Time to share some tinkering, in the hopes that somebody, somewhere, might find it helpful. 🙂
Regular readers will know that I’m interested in how historians can approach web archives, as discussed in a three part series in late 2012 (see part one, two, and three). As I’ve stressed, in both tweets and in some draft writing: Historians need to understand web archives, however, as we will be professional end users of these archives. We played a critical role in shaping the modern practice of traditional archiving. Let us make sure that historians are present for the next step. There’s a conversation, but its largely amongst people involved in web archiving as creators rather than as users.
So here’s me positing a problem: Some web archives do not have description, so you aren’t sure what you’re going to find inside. This includes some just-in-time web saves, like this mirror of the Montreal Mirror’s website. There’s always an item listing, automatically generated, that lets you know what exactly is in the website. When dealing with wide web crawl data, part of that massive 80TB dataset, this is a life saver. Very briefly: Web ARChive files are complicated containers of multiple files – ActiveHistory.ca, for example, is made up of over 18,000 files. That’d choke a file system, but you can turn it into one Web ARChive that you can play with later.
Furthermore, these WARC files are too big. Wouldn’t it be nice if you could, at a glance, see what ianmilligan.ca is about without having to read what I’m writing here? (yes, but also imagine if you were just looking at a bunch of visualizations – would be invaluable in a research project)
But for the historian, it’s not terribly useful in and of itself. What if we had a lot of these files, how could we quickly see what related to our topic, and what didn’t? Would we be able to automate it?
Here’s my idea, which I cooked up as a way to learn some more technical skills and invent a tool to help me in my workflow. What if we could take a Web ARChive file (WARC) and then hook it up to a topic modelling visualizer, like Stanford’s Termite [see their paper here]? This flow would ideally take a WARC file and then give us an output like this:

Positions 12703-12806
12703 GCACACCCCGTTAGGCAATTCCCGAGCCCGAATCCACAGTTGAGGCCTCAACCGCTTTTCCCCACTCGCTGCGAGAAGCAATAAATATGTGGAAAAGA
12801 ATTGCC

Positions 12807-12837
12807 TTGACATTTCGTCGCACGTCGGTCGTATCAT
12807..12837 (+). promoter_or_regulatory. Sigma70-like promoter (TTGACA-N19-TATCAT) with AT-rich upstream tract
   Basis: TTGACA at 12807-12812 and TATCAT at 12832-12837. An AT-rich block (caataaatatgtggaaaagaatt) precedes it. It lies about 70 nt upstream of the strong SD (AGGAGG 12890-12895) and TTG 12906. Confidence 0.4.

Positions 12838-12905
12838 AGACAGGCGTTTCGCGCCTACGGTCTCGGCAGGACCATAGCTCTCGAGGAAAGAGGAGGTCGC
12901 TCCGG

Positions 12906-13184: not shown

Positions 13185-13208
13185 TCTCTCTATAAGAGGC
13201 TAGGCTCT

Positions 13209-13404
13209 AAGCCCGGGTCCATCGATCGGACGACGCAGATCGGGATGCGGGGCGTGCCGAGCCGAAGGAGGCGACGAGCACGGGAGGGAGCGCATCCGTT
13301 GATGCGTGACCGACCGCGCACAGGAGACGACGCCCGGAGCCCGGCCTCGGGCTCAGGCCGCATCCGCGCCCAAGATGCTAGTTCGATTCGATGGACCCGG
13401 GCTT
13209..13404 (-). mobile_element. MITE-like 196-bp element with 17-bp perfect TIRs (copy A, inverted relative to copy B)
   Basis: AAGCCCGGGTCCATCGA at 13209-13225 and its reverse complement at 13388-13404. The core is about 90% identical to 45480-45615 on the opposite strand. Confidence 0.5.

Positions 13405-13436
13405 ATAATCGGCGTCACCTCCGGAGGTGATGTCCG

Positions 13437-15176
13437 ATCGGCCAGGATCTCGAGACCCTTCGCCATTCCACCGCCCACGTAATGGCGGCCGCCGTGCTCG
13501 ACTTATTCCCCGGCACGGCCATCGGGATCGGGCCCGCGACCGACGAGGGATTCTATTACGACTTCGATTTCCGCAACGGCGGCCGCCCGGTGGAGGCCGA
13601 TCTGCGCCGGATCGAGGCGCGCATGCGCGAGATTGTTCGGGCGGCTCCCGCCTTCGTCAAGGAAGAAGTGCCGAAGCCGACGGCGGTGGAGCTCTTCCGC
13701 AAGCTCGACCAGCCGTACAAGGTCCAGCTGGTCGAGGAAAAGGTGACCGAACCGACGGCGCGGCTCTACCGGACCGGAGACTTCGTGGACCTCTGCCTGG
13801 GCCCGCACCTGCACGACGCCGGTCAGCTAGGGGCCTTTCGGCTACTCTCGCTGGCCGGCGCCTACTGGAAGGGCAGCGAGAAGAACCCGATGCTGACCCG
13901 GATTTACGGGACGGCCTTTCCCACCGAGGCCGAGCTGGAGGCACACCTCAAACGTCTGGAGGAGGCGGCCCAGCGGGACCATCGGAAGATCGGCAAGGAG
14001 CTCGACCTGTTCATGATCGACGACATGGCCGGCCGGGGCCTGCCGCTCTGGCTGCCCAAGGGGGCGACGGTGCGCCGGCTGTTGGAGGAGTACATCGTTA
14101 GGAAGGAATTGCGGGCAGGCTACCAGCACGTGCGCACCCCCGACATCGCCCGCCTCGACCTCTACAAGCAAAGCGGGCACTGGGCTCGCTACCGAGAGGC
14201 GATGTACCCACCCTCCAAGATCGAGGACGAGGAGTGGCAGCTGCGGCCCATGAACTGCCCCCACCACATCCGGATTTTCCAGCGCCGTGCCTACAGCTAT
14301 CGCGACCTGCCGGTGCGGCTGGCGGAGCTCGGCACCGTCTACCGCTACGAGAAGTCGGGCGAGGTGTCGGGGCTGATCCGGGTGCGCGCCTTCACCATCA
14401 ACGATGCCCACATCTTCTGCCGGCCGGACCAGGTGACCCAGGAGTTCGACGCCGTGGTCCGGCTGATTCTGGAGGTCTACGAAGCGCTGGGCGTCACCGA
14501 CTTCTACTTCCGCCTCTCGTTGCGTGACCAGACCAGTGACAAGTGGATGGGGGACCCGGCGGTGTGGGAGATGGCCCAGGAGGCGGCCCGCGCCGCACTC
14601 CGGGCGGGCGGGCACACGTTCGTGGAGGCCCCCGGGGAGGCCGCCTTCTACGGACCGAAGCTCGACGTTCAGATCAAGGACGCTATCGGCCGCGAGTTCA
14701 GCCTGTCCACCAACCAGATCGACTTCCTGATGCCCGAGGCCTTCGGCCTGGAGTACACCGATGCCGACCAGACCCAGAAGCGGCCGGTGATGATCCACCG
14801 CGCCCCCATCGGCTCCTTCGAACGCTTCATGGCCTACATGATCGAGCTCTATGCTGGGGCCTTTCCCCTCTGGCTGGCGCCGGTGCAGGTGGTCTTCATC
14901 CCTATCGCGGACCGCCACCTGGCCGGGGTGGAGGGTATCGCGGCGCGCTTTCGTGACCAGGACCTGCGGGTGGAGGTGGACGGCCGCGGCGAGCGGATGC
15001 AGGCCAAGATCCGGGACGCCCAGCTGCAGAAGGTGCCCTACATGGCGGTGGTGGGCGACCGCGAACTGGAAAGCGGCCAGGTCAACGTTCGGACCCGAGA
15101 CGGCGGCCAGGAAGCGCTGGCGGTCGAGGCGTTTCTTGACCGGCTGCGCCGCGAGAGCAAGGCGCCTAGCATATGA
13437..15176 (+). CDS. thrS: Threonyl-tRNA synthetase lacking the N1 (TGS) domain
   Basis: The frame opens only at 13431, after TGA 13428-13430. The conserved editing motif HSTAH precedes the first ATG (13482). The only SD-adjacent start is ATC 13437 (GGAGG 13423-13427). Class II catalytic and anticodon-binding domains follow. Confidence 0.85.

Termite is great, but requires its data formatted in a particular way: a file number and then a document on one single line, in tab-separated format. It isn’t terribly friendly to just dump websites into. This is preliminary work, started two days ago, simultaneous with me learning how to script in bash. It works for me, but there’s no sense in me working in a bubble.
Here is my attempt to introduce a workflow, written in Bash, drawing on various Python tools, written on MAC OS X and presumably compatible with Linux. What it does is the following:
(1) Finds a website, such as http://ianmilligan.ca, and mirrors it all into a single WARC file
(2) Transforms that WARC file into a full-text searchable index, which is far more usable in terms of size. Downsides: we lose some of the context provided by images, etc. If images have alt-image tags, those are filtered in with the text.
(3) Takes that full-text searchable index and transforms into Termite format, each individual file that makes up a WARC being given a single line.
How does it work?
Step One: Install Initial Tools
WGET: It requires wget, with WARC functionality (so no old versions). If you don’t have that, you’ll need to install it. If you’re on a MAC, you need to download xCode, command line tools, and compile it. Follow the specific instructions in my Programming Historian piece.
LYNX: These tools use Lynx to read the WARCed webpages and display them. Newer versions use Beautiful Soup 4, but I’m sticking with Lynx for now (I’ve been working with it for a while and am fairly impressed). Follow the detailed instructions here.
Step Two: Download and Install Stanford/Termite
Remarkably for such a project, the documentation is exceptional. They’re on github, so check it out there.
Step Three: Download and Install Historian-WARC-1 Files
For these, check out my github repository here.
Download them all to a directory (click the zip button above for convenience). The easiest way is to place all these files into the same directory that you have Stanford-Termite running.
You’ll need to initialize the WARC-Tools. In your terminal window, in the /WARC/Hanzo-Warc directory, run the following commands:
sudo ./setup.py build install
You’ll be asked for your root password on the latter.
Step Four: Point all the Directories at the Right Place
For the Historian-WARC-1 files, you’ll need to change a few things.
Editing All-Together.sh, make sure to:
URLTOGET value to the website you’re interested in looking at. You might want to change the
OUTPUT field too.
Then you’ll need to change, in line 38, the path to the warc-tools-mandel directory.
Then, editing TRIAL.CFG, make sure to:
Change the path to the directory you’ve installed everything in. There are three of these. You may also need to alter the number_of_seriated terms variable as well.
Otherwise, try to read the comments, and feel free to leave comments below. If it all works, you can run this script – it grabs a website, WARCs it, and then visualizes it in termite on localhost:8888.